Thus, in response to requests for advice on the practice of reuse of the female condom, WHO and UNAIDS convened an experts’ consultation in June 2000 on the safety and feasibility of multiple uses of a single female condom.
The consultation concluded with the recognition of the need for risk-reduction strategies for women with limited resources who may be at risk of unplanned pregnancy or sexually transmitted infections including HIV.
“The consultation determined that currently available evidence regarding the safety of reuse was not conclusive and that re-use of a single female condom could not be recommended. However, the panel also recognised the urgent need to provide guidance to women who may currently be reusing the female condom. It was agreed that used female condoms should be disinfected before being washed and handled in order to reduce the risk of exposure to HIV and other pathogens,” reads part of the report.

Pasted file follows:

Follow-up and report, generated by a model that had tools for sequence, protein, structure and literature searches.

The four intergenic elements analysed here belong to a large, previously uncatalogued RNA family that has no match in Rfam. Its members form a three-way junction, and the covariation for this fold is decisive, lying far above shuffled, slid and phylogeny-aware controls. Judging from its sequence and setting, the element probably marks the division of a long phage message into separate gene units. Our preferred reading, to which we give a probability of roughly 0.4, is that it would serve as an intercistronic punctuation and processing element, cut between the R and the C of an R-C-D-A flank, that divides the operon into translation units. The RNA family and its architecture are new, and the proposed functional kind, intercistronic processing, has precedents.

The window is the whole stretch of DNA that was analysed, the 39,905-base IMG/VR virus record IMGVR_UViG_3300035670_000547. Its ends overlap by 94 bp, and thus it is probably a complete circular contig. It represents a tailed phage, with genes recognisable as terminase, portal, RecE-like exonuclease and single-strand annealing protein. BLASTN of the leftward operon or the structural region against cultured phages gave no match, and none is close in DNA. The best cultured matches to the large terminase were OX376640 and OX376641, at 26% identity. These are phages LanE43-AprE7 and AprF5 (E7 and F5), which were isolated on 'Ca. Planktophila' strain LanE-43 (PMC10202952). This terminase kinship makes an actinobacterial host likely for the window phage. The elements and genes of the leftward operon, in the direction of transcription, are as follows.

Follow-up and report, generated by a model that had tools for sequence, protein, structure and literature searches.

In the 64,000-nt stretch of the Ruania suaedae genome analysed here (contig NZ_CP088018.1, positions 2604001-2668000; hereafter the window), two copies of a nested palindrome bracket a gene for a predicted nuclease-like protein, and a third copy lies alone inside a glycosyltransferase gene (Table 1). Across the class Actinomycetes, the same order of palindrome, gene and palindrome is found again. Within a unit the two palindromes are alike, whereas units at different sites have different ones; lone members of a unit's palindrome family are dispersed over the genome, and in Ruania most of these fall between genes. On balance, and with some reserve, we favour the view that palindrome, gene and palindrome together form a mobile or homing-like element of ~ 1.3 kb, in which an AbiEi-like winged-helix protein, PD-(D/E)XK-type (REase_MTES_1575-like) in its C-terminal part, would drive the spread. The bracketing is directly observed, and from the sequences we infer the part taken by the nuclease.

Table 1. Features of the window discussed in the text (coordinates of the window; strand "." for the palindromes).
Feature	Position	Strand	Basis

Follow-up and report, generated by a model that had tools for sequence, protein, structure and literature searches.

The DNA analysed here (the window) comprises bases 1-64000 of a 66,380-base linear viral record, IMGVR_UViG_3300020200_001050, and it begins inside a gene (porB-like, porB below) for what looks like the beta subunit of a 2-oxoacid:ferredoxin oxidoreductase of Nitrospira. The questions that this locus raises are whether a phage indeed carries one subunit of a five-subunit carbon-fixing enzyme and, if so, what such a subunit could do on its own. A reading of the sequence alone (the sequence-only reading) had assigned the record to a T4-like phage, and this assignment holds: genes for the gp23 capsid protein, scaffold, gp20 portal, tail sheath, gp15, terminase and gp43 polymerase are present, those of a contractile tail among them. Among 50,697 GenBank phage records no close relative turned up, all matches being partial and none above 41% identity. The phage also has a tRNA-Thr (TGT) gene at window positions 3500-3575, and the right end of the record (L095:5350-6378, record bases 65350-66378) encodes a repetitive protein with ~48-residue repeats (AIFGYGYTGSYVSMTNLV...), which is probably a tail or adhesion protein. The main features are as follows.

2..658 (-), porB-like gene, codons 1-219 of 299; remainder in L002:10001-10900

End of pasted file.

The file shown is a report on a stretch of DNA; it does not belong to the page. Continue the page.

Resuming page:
Following the meeting, a draft protocol for safe preparation of used female condoms for additional use, based on theoretical considerations regarding disinfection, washing, drying, storage and re-lubrication, was formulated.
By July 2009, only 3 out of 100 women were using female condoms in Malawi, according to the United Nations Population Fund. This sharply contradicted the percentage of men who were using condoms at the time [45 percent].
“There is need to direct more energy towards scaling up FCs distribution in rural areas,” Sandra Mapemba, UNFPA female condoms programmes coordinator for Malawi, is quoted as saying at the time .
However, this state of affairs has implications which, according to the Ministry of Health in conjunction with Ipas, a reproductive rights organisation headquartered in the US, include abortion.